Ibadan, the land of warriors, is a city of destiny. It emerged as the chief beneficiary of the decline and fall of the old Oyo Empire. Before 1829, it was an abandoned settlement, which was re-occupied by the Yoruba allied forces from Ijebu, Ife and Oyo. Thus, it became known as the war encampment and town of warriors. Even, in the days of yore, Ibadan was always seized by intrigues in peace times. This attribute is captured by the town’s cognomen: Ija’gboro larun Ibadan (Street fight is Ibadan’s darkside).
There is no single family in Ibadan without its ancestral home elsewhere. For example, Basorun Oluyole was said to be the grandson of Alaafin Abiodun. Olugbode was from Owu. Latoosa came from Ilora. Ogunmola and Baale Ali Idiwo came from Iwo. The Alayandes came from Oyo, Ladojas from Iseyin and Olunloyos from Egba-Owu. But, once people migrated to the settlement, they became indigenes. It could be said that, in the early days, hierarchical military titles corresponded with political leadership. Thus, any indigene could aspire to leadership through the dint of hard work and military exploits. The starting point for any potential aspirant is to become the Mogaji of his compound. The greatest contribution of Ibadanland to Yoruba kingship is the non-controversial and orderly succession. The system is devoid of competition, acrimony, strife and rancour.
Two lines, according to the time-tested tradition, could supply the occupant to the stool. These are the Olubadan and Balogun lines. The agitation by the former Seriki of Ibadan, the late Chief Adisa Akinloye, for the inclusion of the seriki line met a brick wall.
In modern times, Ibadan grew in importance and served as the administrative centre for Southern Nigeria (1946-1951), capital of Western Nigeria (1951-1967), capital of old Oyo State 1976-1991) and new Oyo State from 1991 to date.
Historically, there was no Olubadan who was unworthy of the title. Even, before the title was changed or upgraded to Olubadan, past Baales, Bashoruns, Baloguns and the only Aare Ona Kankanfo who ruled the city, were men of valour.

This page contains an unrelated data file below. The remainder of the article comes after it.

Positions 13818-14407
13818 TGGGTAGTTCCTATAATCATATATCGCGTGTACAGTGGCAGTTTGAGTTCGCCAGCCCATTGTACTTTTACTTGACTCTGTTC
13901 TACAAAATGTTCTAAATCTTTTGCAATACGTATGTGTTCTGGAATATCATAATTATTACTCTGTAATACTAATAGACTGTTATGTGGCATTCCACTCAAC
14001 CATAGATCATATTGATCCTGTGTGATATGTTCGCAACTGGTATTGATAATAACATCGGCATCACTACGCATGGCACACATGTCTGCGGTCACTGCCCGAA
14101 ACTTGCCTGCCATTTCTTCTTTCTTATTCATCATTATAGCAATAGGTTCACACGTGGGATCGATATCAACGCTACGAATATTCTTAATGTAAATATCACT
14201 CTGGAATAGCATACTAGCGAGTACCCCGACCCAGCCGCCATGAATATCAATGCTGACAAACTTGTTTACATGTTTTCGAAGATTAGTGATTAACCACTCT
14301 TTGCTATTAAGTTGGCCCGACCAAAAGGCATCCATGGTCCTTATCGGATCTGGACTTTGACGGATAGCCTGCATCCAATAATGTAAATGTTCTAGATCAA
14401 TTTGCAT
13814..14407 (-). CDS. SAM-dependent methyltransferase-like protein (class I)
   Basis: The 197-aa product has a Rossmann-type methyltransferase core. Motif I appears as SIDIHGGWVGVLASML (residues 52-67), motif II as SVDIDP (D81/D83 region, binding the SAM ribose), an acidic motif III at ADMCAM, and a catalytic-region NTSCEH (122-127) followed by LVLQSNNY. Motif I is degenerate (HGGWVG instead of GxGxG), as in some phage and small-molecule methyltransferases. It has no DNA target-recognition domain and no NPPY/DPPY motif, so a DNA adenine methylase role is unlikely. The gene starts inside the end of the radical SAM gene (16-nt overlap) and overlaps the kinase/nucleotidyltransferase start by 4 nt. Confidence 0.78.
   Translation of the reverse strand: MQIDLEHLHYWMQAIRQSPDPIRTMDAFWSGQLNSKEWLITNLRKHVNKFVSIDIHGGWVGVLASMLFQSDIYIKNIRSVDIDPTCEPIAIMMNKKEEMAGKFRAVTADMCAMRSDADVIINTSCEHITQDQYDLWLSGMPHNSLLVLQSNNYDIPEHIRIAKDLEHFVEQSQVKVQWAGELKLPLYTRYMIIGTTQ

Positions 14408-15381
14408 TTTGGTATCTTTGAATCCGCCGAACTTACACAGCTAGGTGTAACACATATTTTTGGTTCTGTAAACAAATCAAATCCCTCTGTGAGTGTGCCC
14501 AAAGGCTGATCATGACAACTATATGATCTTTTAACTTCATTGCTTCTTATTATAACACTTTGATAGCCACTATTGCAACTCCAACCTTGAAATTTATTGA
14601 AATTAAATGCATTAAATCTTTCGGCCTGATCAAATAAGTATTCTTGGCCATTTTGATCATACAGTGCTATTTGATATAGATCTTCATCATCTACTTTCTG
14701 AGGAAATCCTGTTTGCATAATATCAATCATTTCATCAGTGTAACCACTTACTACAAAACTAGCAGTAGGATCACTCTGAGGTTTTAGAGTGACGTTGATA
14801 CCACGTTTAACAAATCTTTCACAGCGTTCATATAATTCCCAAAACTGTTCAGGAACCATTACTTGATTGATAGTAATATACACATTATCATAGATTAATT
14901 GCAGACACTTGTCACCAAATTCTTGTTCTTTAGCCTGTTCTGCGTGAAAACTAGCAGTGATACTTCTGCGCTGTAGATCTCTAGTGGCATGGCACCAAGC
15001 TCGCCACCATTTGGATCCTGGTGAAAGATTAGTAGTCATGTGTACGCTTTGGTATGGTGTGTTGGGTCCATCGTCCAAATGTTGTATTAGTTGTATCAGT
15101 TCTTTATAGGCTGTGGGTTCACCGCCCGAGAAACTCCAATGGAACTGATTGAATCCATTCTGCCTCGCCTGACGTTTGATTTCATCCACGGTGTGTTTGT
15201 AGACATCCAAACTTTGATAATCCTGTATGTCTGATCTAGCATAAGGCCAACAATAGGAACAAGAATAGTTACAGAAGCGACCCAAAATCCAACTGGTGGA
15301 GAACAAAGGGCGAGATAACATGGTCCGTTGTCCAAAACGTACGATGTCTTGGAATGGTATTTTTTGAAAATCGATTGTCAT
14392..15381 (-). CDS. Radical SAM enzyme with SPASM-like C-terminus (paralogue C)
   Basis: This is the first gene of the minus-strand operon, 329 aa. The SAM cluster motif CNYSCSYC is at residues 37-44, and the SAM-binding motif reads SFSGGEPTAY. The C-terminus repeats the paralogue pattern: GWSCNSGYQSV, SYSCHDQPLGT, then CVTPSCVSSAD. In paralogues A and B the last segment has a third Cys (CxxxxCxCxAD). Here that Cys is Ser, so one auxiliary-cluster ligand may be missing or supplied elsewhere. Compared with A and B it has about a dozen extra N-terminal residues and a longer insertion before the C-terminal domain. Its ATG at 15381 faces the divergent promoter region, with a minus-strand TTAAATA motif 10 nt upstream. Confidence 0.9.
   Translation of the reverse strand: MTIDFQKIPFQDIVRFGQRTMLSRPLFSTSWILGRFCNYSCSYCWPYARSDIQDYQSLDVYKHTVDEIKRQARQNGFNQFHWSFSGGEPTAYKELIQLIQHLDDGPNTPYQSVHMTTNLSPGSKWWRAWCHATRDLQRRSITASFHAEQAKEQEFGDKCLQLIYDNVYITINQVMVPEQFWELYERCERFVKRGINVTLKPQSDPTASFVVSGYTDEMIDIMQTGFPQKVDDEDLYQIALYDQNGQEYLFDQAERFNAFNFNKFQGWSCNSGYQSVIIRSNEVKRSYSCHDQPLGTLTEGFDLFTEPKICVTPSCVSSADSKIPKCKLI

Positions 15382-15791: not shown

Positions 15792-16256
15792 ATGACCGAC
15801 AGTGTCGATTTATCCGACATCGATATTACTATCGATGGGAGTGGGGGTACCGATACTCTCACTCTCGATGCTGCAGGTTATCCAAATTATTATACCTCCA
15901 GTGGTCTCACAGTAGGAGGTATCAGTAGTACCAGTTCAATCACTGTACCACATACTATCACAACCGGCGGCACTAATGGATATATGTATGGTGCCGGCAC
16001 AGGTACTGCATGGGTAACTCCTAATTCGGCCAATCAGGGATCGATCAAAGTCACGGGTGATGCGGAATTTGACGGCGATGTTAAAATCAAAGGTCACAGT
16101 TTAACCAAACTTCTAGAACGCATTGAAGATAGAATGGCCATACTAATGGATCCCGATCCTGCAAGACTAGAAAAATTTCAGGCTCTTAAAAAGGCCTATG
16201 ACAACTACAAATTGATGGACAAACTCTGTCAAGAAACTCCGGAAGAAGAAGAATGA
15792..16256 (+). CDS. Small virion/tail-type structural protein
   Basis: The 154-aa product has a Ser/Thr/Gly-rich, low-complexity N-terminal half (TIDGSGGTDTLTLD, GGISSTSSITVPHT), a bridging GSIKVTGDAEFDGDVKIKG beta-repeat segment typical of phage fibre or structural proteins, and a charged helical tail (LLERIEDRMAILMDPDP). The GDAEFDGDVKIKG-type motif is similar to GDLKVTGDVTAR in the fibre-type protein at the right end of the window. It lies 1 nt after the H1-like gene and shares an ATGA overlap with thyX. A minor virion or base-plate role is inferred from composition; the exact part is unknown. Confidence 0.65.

All Olubadans were colourful. They were courageous statesmen. They had garnered experience in administration because they had to climb the hierarchical ladder to the prestigious throne. Many of them left behind worthy legacies.
Oluyole, who was said to be the son of Agbonrin, the daughter of the well-loved Alaafin Abiodun, earned the title of Basorun from Alaafin Atiba after the Eleduwe war. He became Ibasorun at the same time Kurumi of Ijaye became the Aare Ona Kankanfo of Yorubaland. But, he did not reside in Oyo with the Suzerain, although he was next in rank to the king as the chief of the seven principal councillors comprising the Oyomesi. According to Rev. Samuel Johnson, author of the History of Yoruba, Oluyode, popularly called Iba Afokoja, went to Oyo to have the title conferred on him. But, since he was not obliged to live in the capital, his duties at the annual bebe festival were delegated to other chiefs.
In Ibadan, the next in rank to Basorun Oluyole was Oderinlo, the Balogun. In the days of Oluyole, Ibadan soldiers confronted their Fulani counterparts at Osogbo. The latter had to return to Ilorin, unable to fulfil their dream of dipping the Koran in the sea. Terrified, the Atawoja of Osogbo beckoned on Ibadan for help. When the soldiers returned home, Basorun asked Elepo, who had declined to be his Balogun and refused to go to the Osogbo war, to leave Ibadan. He was a wealthy ruler. Although he sought to become the Alaafin by plotting against him, he did not succeed. He was a great friend of King Kosoko of Lagos.